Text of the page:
Our latest Lit Mag Spotlight is beaming on A Clean, Well-Lighted Place. This Kentucky-based journal is dedicated to publishing new, emerging, and established writers, creating a well-rounded reading experience. Find out all about their ideal submission, the snag they always run into in the submission process, and what their well-known name means to them. Enjoy!
CONTEST: Leave a comment on this blog post by August 29 to enter to win each of ACWLP’s back issues (I-VI). Readers and commenters can also enter this coupon code when purchasing the latest issue of ACWLP to receive $2 off: YW52VY3K.This contest is now closed. Congratulations to our winner, Nancy, and thanks to all who participated!
Give us the lowdown on your journal’s mission.
One reason we have retained our unwieldy name, A Clean, Well-Lighted Place, is because it so accurately describes all of our goals. It starts with cleanliness; we want to encourage well-crafted, meticulously precise lines of poetry and prose. This doesn’t mean that we are afraid of pieces that get their hands dirty—Hemingway certainly wasn’t. Instead, it just means that sloppy, unthoughtful work won’t find a home with us. The second part of the name has to do with the spotlight that we want to shine on untapped potential in the literary community. We are proud that we regularly are the first publication credit for our contributors or that we publish pieces by authors before their first book. Lastly, we hope to be the “place” where writers and readers congregate. We try to develop lasting relationships with our contributors to foster a writing community; if we publish your poem or story, we are invested in your future.
Describe your ideal submission in 15 words or less.
“I read the other day some verses written…which were original and not conventional.” Emerson
Tell us about a piece you recently published that got the staff really excited. Why did you love it? Why did it strike a chord?
We’ve been lucky to get a number of great fiction submissions for our upcoming volume; I’ve been especially excited by Leslee Rene Wright’s story “Just Clay.” It begins with a quirky narrative about a sculptor who has a strange obsession with clay and moves to a final moment of stark emotional impact. These kinds of idiosyncratic details are what I’ve been searching for in fiction lately, and she nails it. Read “Just Clay” here.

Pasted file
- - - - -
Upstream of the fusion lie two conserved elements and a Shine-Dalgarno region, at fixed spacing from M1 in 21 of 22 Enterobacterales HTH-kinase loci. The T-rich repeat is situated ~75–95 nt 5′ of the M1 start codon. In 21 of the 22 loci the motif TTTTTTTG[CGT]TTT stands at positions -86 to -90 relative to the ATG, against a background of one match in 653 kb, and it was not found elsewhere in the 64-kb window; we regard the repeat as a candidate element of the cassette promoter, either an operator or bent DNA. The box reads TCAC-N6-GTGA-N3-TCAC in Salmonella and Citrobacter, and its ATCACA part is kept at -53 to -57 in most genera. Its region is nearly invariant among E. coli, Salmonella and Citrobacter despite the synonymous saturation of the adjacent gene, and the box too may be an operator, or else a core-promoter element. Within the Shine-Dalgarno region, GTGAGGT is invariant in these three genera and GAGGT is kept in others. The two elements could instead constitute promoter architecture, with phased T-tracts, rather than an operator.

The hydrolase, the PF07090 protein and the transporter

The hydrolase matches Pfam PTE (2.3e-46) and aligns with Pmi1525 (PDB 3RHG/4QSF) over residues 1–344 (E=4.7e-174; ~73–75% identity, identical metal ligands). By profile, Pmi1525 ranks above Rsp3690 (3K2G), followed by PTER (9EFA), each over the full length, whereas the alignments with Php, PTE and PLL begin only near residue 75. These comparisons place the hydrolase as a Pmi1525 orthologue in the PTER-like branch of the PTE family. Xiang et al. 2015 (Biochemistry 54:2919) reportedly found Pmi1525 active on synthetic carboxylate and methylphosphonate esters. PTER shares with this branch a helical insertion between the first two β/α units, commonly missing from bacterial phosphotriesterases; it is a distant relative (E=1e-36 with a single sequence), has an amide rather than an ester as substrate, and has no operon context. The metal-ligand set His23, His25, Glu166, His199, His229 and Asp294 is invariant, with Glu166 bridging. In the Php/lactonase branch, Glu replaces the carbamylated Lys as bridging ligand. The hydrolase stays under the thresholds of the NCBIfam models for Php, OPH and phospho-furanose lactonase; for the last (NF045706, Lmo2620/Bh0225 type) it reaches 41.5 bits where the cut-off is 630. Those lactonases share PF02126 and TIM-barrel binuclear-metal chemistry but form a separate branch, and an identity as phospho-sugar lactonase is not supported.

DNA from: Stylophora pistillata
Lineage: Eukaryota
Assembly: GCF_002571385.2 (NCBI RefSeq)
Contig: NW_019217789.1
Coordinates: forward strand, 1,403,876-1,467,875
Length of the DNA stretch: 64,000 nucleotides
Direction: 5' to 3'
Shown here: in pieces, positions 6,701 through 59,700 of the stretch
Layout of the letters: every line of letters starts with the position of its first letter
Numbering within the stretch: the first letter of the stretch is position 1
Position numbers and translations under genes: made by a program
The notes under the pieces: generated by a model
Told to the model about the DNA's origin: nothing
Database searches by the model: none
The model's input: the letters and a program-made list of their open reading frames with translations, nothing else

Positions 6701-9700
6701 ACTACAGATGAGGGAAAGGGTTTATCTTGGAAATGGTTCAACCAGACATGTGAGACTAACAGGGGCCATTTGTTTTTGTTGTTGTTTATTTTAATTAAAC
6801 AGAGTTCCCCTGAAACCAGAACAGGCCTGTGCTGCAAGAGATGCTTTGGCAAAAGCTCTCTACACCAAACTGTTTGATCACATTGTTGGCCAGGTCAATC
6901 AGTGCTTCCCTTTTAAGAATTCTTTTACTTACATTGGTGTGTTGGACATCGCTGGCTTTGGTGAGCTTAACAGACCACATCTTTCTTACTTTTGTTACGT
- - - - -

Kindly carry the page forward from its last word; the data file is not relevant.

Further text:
Regarding submissions: What’s the most common turnoff that you encounter?
I am most turned off by submission-reading déjà vu. There are certain cliché images in bad submissions, a man smoking a cigarette comes to mind immediately, that repeat themselves over and over into meaninglessness. Forget those old tropes and give us instead something entirely your own. Recent contributors gave us an autographed painting of an iguana, a lung baby, or the “honeyman” in their poems, and I’m confident you have your own original thoughts to give as well.
What’s the most common oversight (in terms of submission guidelines)?
The most common oversight, from my reading, seems to spring from submitters who want to write contemporary poetry or fiction without spending the time to read it or know the kinds of pieces that are actually being published today. If literature is to be seen as an ongoing conversation between artists, it seems essential to do as much, if not more, listening than talking.
Why is your journal awesome?
I think what makes our journal different from most others has all to do with the aesthetic. You can trust when you pick up a copy of our magazine that you will find inspiring and crafted pieces all the way through and that they will come from diverse sources that you probably wouldn’t have been able to find on your own.
A preview of our next volume:
“End of the World Scenario #2”
We slurp up the last drop of oil,
and the power plants begin to wheeze.
The streetlights sizzle out,
and for a while, we have fun in the dark.
We get good at playing pioneer.
The women take to petticoats,
and the gentlemen all wear suspenders.
Suddenly, we fall into rustic careers.
It’s like one day you wake up
and you’re a blacksmith or a druggist.
Myself, I’m the son of a bank robber.
My job is to suffer politely.
We accept all submissions online with Submittable.